(I'm happy to be part of the virtual book tour for Ben Furman – continue reading for his guest post on Not Enough Books)
Okay, okay, here's the answer to one of life's mysteries, "How a former special ops and FBI terrorist chaser came to write a young adult fantasy adventure trilogy." I wish I could say it began as a back channel, black ops, one-way suicide mission to infiltrate the ranks of terrorist kids' book writers, which would certainly be much sexier than the truth – shutter, a girl was behind the whole thing!
Let's dial back about three ticks when my sister directed, "Get off your fat butt and do something with this!" She didn't bother looking back as she dangled some age-yellowed paper over her shoulder and continued poring through stuff in the closet. You've guessed it, my older sister, who didn't care that I was a leader of men and able to jump tall buildings (well, if my dog Jake's dog house could be considered tall). To her I would always be the lumbering Neanderthal capable of carrying large, amorphous things for her and strong enough to spell Mabel, our mule, when she tired of pulling the plow on the south forty. But in fairness, I must say my sister's Joe Frazier's right cross was used once to ward off unsavory mutants that had chased me up and down the football field and then had searched me out afterward at the school dance. Sorry, I wander, a first sign of brain atrophy.
I had returned home to help pack essentials my mother would need in the full care nursing facility. Every scrap of paper that had anything to do with her kids she had meticulously tucked away in stacks of labeled shoe boxes – even my drawings and scribbles.
Our small rural school, centered in the California San Joaquin Valley farm country, seldom added anyone new, and that included Mrs. Higgins the history teacher, who had the school built around her. Higgins delighted in telling me what an incorrigible (I looked it up) my father had been, and asked ad nausea why I couldn't be more like my sister, "The Saint!" Sins of the father, and she had a second crack at his son.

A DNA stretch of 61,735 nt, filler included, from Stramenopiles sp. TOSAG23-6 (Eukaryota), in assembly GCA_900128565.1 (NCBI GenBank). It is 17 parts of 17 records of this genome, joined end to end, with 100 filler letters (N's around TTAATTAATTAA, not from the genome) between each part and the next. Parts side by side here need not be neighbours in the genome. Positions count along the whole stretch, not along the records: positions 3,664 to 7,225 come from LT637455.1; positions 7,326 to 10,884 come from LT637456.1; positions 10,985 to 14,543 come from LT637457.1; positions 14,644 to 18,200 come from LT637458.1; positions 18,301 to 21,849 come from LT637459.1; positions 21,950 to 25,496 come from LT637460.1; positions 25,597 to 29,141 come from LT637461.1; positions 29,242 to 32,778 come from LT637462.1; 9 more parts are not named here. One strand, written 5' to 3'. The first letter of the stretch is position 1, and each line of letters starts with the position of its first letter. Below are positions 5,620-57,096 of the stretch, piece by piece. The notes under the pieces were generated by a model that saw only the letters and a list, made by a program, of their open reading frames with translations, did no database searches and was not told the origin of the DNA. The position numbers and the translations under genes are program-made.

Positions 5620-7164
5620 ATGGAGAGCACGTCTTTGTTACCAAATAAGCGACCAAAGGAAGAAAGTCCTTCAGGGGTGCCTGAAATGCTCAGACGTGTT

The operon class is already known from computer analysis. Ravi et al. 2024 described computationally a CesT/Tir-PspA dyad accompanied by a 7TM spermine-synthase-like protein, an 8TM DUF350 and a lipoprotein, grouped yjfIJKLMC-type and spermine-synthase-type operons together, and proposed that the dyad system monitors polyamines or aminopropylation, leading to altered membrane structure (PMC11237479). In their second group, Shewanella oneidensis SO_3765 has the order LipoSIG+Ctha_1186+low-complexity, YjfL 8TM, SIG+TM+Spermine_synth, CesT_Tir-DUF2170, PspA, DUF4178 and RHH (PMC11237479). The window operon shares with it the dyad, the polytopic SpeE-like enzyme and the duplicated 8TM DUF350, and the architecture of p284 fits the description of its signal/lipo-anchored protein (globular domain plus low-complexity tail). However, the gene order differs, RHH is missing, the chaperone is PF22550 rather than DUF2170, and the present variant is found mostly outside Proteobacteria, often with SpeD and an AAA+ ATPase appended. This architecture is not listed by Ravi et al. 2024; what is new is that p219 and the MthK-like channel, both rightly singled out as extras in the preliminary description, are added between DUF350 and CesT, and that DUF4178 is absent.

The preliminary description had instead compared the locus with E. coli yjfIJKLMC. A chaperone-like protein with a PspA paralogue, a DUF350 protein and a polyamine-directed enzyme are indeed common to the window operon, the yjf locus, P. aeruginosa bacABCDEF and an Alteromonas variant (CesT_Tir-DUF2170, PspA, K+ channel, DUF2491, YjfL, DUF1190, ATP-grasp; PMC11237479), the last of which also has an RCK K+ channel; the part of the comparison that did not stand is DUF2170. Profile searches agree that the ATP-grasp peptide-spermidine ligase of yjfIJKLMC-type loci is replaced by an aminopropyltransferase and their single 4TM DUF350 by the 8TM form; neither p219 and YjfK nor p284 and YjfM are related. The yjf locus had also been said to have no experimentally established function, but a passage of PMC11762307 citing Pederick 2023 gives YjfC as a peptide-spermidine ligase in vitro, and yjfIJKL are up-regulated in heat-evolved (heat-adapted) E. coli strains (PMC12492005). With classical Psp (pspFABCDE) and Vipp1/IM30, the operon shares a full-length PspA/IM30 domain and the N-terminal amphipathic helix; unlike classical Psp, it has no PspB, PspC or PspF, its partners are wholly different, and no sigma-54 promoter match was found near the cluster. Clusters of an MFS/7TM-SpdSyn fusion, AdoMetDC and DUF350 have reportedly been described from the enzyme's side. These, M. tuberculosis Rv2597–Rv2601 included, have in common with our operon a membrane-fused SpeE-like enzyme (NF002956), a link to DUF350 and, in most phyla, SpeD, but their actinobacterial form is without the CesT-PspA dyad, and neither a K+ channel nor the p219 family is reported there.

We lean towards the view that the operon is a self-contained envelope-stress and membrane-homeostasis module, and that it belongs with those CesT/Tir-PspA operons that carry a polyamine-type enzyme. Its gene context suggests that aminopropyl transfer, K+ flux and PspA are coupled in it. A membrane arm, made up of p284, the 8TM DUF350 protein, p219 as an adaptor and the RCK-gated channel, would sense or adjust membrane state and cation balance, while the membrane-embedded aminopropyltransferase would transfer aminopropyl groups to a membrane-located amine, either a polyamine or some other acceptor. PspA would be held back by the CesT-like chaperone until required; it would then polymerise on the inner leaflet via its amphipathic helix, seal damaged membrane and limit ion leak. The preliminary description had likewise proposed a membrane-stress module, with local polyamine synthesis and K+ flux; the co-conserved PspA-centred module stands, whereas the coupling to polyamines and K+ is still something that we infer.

So, quite a buzz started on the first day of my fifth grade class when a cute girl with long red hair and green eyes entered the room and sat a couple of rows away from me. Samantha instantly became my favorite girl's name. I wracked my brain trying to come up with something to impress her. Johnny, who was sitting directly behind Samantha, refused to switch places with me. Higgins' cataracts had restricted her effective field of fire (she could zip a chalk-filled eraser with the best of them) to the first row seats, which would have provided me adequate cover, but no sale.
I could draw and spin a pretty good tale. A fantasy adventure story-boarded with drawings of the characters – that was the ticket! As the project gained speed I heard the whispers. Samantha had asthma! Asthma? Was it contagious? The "Incorrigible One" said no. I added an aspirator to the drawing that Samantha used to spray in the eyes of the villain, thus defeating him and saving Innerworld! I slipped the finished story on the real Samantha's desk and held my breath as she read it, shoved it aside, and turned to smile at Johnny, who had just pulled her hair. She never acknowledged me, and feeling like a complete dunce I retrieved the story during the safety of the next recess. Thankfully, at the end of the school year Samantha moved away, thus ending my gnawing embarrassment.
The decision to write the book was made on the plane ride back home when I read through the story and decided, "Hey, this is better stuff than I'm writing now!" The original story with the positive message was still viable, and the core characters, Sam, Buzz and Patch, made their way into the book. Besides, I knew better than to disobey a superior officer's direct order, and my sister brewed a helluva cup of coffee.